Approximately 68 acres of forested land on Samish Hill (east of 40th St) are slated for timber harvesting with follow-up plans to replant the logged areas with new tree seedlings within 1-year of harvesting. This area is within the Samish Neighborhood that stretches from Consolidation Ave at the north end to Lake Padden at the south end, and is bounded east and west by the city limits and I-5 respectively. Most of Samish Neighborhood is zoned residential single, presumably the largest area of undeveloped residential property in the city.
So it is interesting that activities are currently taking place on forested parcels of land in the Samish neighborhood that lie within the Bellingham City Limits and the designated urban growth boundary. This proposed and approved logging area lies adjacent to (east of) the Wildwood Hills and Whitewater subdivisions. A Class III Forest Practices Application /Notification (1 below) was approved by the Washington State Department of Natural Resources on December 16, 2018. This approved application allows for the harvesting of 95% of the trees on a 68.3-acre parcel (essentially a “clear-cut”) with requisite reforestation of the logged areas with various tree species (fir, cedar, hemlock, etc.); reforestation planting is tentatively scheduled for March 2020.
Samish Heights, Inc., a private owner group, was involved in creation of the Whitewater subdivision and recently filed the above-mentioned application for a 10-Year Forest Management Plan. This classification and approval allows for various forest activities to take place but requires adherence to a 10-Year moratorium on conversion of this land to any use other than Commercial Forest Product Operations. Related work began in December 2018 with the building of a 2,000-foot long gravel-topped access road to facilitate this project. Once this logging access road is fully graveled, logging activities are expected to begin and continue for approximately four (4) weeks.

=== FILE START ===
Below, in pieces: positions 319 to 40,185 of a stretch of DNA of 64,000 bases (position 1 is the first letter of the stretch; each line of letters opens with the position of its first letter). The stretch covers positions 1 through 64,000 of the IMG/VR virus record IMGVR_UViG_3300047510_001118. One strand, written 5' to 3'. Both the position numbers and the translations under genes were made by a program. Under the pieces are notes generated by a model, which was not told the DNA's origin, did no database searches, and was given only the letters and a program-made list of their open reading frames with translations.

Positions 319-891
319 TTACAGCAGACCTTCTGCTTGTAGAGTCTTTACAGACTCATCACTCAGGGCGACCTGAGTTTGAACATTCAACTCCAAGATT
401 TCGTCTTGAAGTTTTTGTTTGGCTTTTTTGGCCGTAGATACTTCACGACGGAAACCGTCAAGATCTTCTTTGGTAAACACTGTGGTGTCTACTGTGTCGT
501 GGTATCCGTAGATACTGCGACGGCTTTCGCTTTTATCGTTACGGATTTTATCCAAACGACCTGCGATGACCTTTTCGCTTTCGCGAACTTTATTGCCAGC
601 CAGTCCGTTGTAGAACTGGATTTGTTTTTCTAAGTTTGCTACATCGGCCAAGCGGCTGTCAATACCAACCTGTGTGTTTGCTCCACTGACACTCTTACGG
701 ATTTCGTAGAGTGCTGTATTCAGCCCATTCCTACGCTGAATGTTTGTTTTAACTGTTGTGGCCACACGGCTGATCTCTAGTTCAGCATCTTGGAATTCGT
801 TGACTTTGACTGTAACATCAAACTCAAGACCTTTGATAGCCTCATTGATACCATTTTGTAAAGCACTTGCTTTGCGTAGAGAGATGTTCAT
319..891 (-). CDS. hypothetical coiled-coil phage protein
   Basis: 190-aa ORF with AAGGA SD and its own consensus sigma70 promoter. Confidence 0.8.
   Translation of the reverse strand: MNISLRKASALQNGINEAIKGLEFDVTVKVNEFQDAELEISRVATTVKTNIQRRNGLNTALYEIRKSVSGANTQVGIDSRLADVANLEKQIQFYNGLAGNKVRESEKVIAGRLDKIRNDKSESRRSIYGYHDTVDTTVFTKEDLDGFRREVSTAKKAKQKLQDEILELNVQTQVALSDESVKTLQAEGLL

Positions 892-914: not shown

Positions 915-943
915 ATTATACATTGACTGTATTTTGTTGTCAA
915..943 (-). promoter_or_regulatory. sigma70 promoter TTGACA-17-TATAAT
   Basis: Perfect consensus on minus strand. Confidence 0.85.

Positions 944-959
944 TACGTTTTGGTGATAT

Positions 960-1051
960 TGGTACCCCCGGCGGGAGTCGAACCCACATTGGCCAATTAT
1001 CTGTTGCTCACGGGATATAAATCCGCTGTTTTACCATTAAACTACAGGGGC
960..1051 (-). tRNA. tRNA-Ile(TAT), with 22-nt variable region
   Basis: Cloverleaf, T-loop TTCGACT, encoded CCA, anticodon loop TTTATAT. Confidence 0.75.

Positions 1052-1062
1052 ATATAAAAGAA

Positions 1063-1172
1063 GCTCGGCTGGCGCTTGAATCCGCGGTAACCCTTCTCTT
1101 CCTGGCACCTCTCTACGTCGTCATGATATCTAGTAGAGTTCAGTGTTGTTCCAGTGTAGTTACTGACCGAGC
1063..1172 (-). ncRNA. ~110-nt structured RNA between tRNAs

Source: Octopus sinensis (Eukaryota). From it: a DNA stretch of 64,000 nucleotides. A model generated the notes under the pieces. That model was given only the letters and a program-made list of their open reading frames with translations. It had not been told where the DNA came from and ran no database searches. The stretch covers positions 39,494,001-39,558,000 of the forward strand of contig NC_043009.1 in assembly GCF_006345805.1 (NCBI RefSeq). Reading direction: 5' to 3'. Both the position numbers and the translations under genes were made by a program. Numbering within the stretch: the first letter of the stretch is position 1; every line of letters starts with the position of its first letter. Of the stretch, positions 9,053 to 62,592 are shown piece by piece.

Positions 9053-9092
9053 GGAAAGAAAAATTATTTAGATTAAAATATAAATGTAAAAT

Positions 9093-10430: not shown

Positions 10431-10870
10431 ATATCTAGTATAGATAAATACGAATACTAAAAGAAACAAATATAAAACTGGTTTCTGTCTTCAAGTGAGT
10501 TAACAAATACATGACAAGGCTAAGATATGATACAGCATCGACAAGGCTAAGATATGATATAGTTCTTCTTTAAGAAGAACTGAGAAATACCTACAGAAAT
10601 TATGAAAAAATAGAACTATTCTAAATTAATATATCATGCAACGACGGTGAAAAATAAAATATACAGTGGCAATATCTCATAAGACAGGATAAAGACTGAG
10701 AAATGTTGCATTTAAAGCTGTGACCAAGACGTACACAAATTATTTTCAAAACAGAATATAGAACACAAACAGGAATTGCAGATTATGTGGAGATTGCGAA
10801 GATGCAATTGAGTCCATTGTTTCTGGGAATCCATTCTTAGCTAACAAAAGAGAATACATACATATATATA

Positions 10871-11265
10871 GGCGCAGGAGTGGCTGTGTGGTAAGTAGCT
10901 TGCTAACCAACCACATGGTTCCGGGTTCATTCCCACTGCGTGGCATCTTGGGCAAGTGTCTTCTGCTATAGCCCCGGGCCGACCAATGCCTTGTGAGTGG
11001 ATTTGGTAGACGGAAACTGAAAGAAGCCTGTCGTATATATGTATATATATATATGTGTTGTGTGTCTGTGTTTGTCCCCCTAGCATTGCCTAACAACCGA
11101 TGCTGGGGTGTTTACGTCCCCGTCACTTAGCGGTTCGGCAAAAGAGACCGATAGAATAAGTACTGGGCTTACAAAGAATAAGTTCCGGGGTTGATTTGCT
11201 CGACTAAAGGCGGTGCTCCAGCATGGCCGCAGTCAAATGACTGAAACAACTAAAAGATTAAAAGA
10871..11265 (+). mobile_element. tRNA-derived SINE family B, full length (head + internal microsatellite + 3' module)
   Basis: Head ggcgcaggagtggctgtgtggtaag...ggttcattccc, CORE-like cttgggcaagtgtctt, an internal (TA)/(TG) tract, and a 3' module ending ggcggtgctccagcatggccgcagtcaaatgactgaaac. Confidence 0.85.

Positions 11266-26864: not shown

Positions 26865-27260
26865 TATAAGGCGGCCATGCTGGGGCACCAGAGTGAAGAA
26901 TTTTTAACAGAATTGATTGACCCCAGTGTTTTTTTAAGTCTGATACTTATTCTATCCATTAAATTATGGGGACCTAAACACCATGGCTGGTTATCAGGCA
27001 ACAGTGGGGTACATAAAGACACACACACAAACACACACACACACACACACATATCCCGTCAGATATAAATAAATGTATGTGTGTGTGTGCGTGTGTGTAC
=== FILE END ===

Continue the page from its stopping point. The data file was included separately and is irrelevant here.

This current logging project follows a related Timber Thinning Project (same property owners & logging company) that took place in the Fall of 2017. The approximately 33 acres of timber that were harvested at that time were done so under the jurisdiction of a Class IV Forest Practices Application/Notification involving conversion from forestry to non-forestry use. The 110-acre parcel of land that was involved in 2017 includes the current 68.3-acre Class III project.
Importantly, as part of the recently approved application, the property owner (Samish Heights, Inc.) states:
”I am the legal owner of the above listed parcel(s) and by way of this statement; I am opting out of the requirements of a Class IV-General Forest Practice Application within an urban growth area. I assure the local government and the State of Washington, that by opting out, I intend NOT TO CONVERT TO A USE OTHER THAN COMMERCIAL PRODUCT OPERATIONS FOR A TEN YEAR PERIOD from the date of approval of the application or notification for the parcel(s) listed above; and I will manage the forest land in accordance with the accompanying forest management plan.”
These statements appear to indicate that the governing application (at least for the present or until any other application is submitted and approved) is indeed the Class III plan. As such, it places a moratorium on other land uses – essentially excluding the development of any residential home sites for the near term.
Per discussions with Washington State Department of Natural Resources staff, this Forest Practices Approval/Notification - Class III is the current governing document. If the property owner chooses to make a future change to the governance of this property, the owner can file a different Forest Practices Application/Notification which – upon approval - can then become the governing document. This dynamic process of governing classification and land-use deserves continued vigilance on the part of interested residents of the Samish neighborhood as well as other Bellingham residents.
Simply put, this particular area within the Bellingham Urban Growth Boundary appears as though it may continue to be primarily inhabited by a variety of 4-legged native forest animals for the foreseeable future. Future changes, however, could alter the make-up some of these last remaining forested tracts of unbuilt land on Samish Hill. Already there are preliminary actions by a different private developer with land at the north end of the Samish Neighborhood to formally request a final abandonment of the San Juan Boulevard connector between Yew St. and Samish Way (east-west) allowing for development of hundreds of lots while reconfiguring the path of Governor Rd. (north-south). Much more to come with respect to Samish Hill. Stay tuned.